While walking in the NMU Academic Mall next week, students may be surprised to see one of their fellow students thrown into a vehicle and carried off, with no explanation whatsoever.
And though most will be confused as the vehicle speeds away, Ben Wielechowski of Promoters for Nonviolent Peace Resolution (PNPR), said he hopes the kidnappings will raise awareness about human trafficking.
PNPR will stage the kidnappings at 10:50 a.m. every day from Feb. 23-26.
The voluntary victims will scream and fight back to add realism to the event, said Wielechowski, the organization’s founder.
Public Safety will be present to ensure that bystanders understand the event is staged. The assailants will wear fluorescent yellow vests and the victim will wear fluorescent orange.
After the kidnapping, the victim will be dropped off somewhere on campus to continue their day. Also, posters will be put up around campus showing a photograph of the “missing” person, and the first three individuals to approach the missing person and ask questions about the kidnapping will receive a voucher for a prize.
“It’s not just (important to point) the kidnapped person out, you need to interact with them,” Wielechowski said.
The voucher can be redeemed upon attendance of Theresa Flores’ speech, which will take place on March 11, and is sponsored by PNPR. She will speak in the Whitman Commons from 6 to 8 p.m. about her own experiences with human trafficking.
Wielechowski said that at the age of 15, Flores was invited to a friend’s house where she was slipped a date rape drug and photographed while unconscious. The assailants blackmailed her into forced prostitution under the pretense that if she did not submit to their wishes, they would publicize the photographs. She went to school and even returned home each day only to sneak out at night, unwillingly becoming a prostitute.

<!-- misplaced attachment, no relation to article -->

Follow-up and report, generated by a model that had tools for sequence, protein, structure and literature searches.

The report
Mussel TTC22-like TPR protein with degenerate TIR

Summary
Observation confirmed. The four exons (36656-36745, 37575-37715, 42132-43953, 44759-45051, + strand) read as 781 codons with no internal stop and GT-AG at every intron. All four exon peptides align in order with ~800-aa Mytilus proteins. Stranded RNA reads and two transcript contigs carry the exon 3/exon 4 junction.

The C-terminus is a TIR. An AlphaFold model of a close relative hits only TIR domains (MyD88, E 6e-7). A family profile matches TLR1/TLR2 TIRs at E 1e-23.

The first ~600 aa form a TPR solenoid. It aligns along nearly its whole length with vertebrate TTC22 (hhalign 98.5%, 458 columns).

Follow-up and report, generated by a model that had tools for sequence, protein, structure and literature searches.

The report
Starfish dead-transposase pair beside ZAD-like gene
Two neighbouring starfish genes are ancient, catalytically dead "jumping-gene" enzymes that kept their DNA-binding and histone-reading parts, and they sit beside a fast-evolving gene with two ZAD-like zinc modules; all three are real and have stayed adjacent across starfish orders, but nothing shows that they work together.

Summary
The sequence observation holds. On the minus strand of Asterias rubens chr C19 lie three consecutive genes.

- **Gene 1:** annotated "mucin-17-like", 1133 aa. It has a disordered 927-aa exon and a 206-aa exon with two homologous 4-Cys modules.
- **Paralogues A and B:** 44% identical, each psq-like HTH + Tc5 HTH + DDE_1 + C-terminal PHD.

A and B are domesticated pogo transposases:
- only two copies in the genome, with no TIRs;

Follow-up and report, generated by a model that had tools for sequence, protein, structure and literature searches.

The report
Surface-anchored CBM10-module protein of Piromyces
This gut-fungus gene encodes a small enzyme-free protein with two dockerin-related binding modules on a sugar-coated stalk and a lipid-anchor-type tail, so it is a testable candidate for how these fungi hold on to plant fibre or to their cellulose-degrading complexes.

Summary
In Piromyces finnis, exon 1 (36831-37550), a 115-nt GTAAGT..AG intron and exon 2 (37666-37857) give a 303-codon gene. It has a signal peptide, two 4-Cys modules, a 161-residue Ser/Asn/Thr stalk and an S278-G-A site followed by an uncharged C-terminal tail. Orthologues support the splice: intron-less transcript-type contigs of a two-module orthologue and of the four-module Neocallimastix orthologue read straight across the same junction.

Wielechowski said the kidnapping event is meant to raise awareness about people like Flores.
“The reason for this demonstration is to shock people,” he said.
The human trafficking that takes place in the United States generally is initiated by people who gained the victim’s trust. The kidnapping often occurs during an event which the victim entered into voluntarily, such as a date, or a sleepover where the “friend” lures the victim into a trap. Often, victims of human trafficking are young.
Wielechowski said that solicitors of prostitutes are usually not aware if the prostitutes are willingly in their position or if they have been forced to be prostitutes.
Landon Utterback, a member of PNPR, said he decided to act as a volunteer victim for the event because he sees human trafficking as a worldwide problem.
Utterback said the goal is for strangers to approach him about being a missing person.
“One of our goals is to show people they should care for their fellow man,” he said.
One of the issues facing human trafficking, Utterback said, is that missing people go largely ignored by society.
“How many times have you picked up a paper and found a ‘have you seen me’ leaflet and you just discard it?” Utterback asked.